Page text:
Revision Shot – Tissue by Imtiaz Dharker



Right, let’s start with an overview of Tissue. It’s a poem with ten stanzas, of which nine are quatrains, with no rhyming or rhythmic pattern. It’s written by Imtiaz Dharker, a poet who was born in Pakistan and who now lives in Scotland. It’s not a poem with a narrative – it doesn’t tell a story – but instead uses images and symbols to create ideas in the reader’s mind.

Therefore, when reading this poem it’s a good idea to let the pictures the poet creates wash over you. You know those magic eye pictures, where you have to stare at the whole thing without focusing in order to see the image? Well, this poem’s sort of the same.

The Lowdown

As its title suggests, it’s about tissue – the fine and weightless paper which has many uses. Paper can be used for books, for maps, for receipts and for kites. It can carry information, it can let light shine through it.

And as we read the poem, we come to understand that this is actually a metaphor for humanity, and we realise that there is more than one type of tissue – there’s also human tissue, or flesh. Using this extended metaphor, Dharker explores the transience of human existence.

Published in 2006 as part of a collection called The Terrorist at My Table, the poem reflects Dharker’s interest in human connections and the power and frailty of human nature.

1:16-2:43 – What’s it all about?

Dharker starts by looking at tissue as paper that “lets the light shine through”. This, of course, is what tissue does if you hold it up to the light, but there’s also a metaphor here – light often represents knowledge or realisation. So there’s a connection between tissue and acceptance or understanding.

Light is also, of course, a way of referring to God, which leads us to the next idea Dharker explores, which is that tissue is paper that is so old it has become frail and thin. She uses the image of a copy of the Koran, Islam’s holy book, where a family tree has been recorded. Here, the tissue is used to record connections and family ties. It has been “smoothed” and “stroked” – it’s a manifestation of love.

She then considers what would happen if buildings were paper – they would be more fragile, more transient. The next stanza looks at maps as records of landscapes, and then we move on to “slips from grocery shops” – receipts that record our purchases. The applications of tissue here are all functional – they do things – rather than conceptual. 

Then, Dharker describes how an “architect” could “place layer over layer” to build a creation that lets “daylight” through. We’ve been talking about buildings, so the implication is that this is a physical structure.

But in the last stanza she references “living tissue”, and the imagery becomes conceptual again. Perhaps God is the architect she is referring to. She leaves us with the imagery of tissue as living tissue or flesh: something which is simultaneously strong and fragile (because we will all eventually die).

Right, let’s look at the poem a little more analytically.

2:44-4:19 – Dig deep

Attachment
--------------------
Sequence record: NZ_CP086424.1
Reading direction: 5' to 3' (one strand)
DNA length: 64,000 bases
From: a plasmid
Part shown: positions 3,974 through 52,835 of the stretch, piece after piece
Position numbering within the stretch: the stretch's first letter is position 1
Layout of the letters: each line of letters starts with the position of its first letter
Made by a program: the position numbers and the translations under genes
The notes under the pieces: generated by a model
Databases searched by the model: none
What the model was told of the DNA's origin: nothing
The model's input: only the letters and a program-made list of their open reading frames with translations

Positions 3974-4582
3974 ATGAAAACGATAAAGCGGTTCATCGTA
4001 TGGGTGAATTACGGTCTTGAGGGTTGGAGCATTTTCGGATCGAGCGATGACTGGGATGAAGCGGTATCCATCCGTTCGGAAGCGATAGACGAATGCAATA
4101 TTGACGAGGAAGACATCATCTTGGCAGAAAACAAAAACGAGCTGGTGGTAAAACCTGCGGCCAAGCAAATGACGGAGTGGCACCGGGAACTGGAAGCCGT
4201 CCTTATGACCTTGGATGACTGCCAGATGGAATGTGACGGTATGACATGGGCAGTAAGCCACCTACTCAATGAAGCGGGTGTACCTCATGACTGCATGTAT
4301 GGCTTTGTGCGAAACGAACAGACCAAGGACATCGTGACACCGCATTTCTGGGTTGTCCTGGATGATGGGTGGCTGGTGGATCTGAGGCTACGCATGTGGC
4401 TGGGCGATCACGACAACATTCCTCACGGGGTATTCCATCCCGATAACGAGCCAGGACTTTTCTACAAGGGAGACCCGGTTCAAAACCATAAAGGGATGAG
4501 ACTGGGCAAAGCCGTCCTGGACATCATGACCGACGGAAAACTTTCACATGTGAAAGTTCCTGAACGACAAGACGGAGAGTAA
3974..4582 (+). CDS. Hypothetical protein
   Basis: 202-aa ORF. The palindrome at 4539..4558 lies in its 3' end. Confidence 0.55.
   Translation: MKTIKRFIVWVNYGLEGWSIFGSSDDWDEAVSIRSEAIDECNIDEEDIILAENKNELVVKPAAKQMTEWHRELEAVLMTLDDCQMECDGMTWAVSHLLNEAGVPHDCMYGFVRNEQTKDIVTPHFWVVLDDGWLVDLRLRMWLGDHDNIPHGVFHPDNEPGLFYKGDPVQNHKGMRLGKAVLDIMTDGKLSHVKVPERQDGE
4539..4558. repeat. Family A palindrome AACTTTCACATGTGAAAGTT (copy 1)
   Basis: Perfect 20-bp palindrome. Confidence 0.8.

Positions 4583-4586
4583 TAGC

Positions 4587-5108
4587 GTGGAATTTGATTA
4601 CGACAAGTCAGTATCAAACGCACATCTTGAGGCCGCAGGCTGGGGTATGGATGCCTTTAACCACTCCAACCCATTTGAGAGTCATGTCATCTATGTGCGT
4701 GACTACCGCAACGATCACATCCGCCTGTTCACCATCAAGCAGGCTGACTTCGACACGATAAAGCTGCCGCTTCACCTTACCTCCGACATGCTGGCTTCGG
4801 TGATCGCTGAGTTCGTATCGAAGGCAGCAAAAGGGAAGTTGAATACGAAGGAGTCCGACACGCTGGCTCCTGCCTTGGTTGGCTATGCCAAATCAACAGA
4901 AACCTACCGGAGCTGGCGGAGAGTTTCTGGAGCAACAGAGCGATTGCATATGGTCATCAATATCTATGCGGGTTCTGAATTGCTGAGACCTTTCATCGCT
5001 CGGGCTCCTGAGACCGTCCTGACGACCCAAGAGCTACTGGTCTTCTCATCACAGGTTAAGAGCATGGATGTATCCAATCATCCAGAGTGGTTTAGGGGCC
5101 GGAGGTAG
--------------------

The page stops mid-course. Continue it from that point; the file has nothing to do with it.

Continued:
Tissue has a free rhythm with no rhyme. The frequent enjambment gives it a conversational, musing quality – as if Dharker is working out her thoughts and ideas as she goes along. This free form also mimics the unpredictability and spontaneity of human life – the form of the poem is echoing its meaning.

The poet explores the fragility of tissue – it can follow “the direction of the wind” and “fly our lives like paper kites” (an evocative simile). In stanza four, the internal rhyme between “drift” and “shift” emphasises its fluttering, windblown nature.

In fact, although the poem doesn’t rhyme, it often uses assonance to create internal rhymes and make connections. A frequently used piece of assonance is the ie sound from “light” and “shine”. It weaves through the poem like light itself shining through the lines.

There’s a lovely piece of repetition in the poem which gives us a further clue to Dharker’s meaning. When describing the back of The Koran, she says the pages are “smoothed and stroked and turned transparent with attention”. At the end of the poem, she returns to this image, describing “paper smoothed and stroked and thinned to be transparent”.

But this time she is talking about the human form. This repetition emphasises Dharker’s central idea: just as The Koran shows the work of God, so does human life. And here we come to the final, one-line stanza of the poem: “turned into your skin”.

The single line makes the concept explicit: there’s a link between paper tissue and human tissue. Both skin and paper record our lives, are fragile, and let light shine through them – whether that is real light or the metaphorical light of God.

4:20-5:03 – That’s a wrap

Let’s summarise our findings into five points:

  1. Tissue is a ten-stanza poem with no set rhyme scheme or rhythm. It has frequent enjambment, giving it an unpredictable quality.
  2. It’s written by Imtiaz Dharker, a Pakistan-born poet who lives in Scotland.
  3. Tissue paper is used as an extended metaphor for human life.
  4. The poem uses lots of imagery to explore the uses of tissue and convey its fragility and its strength.
  5. Light is an important concept in the poem, and this is reflected in the poet’s language choices and the assonance which weaves through it.

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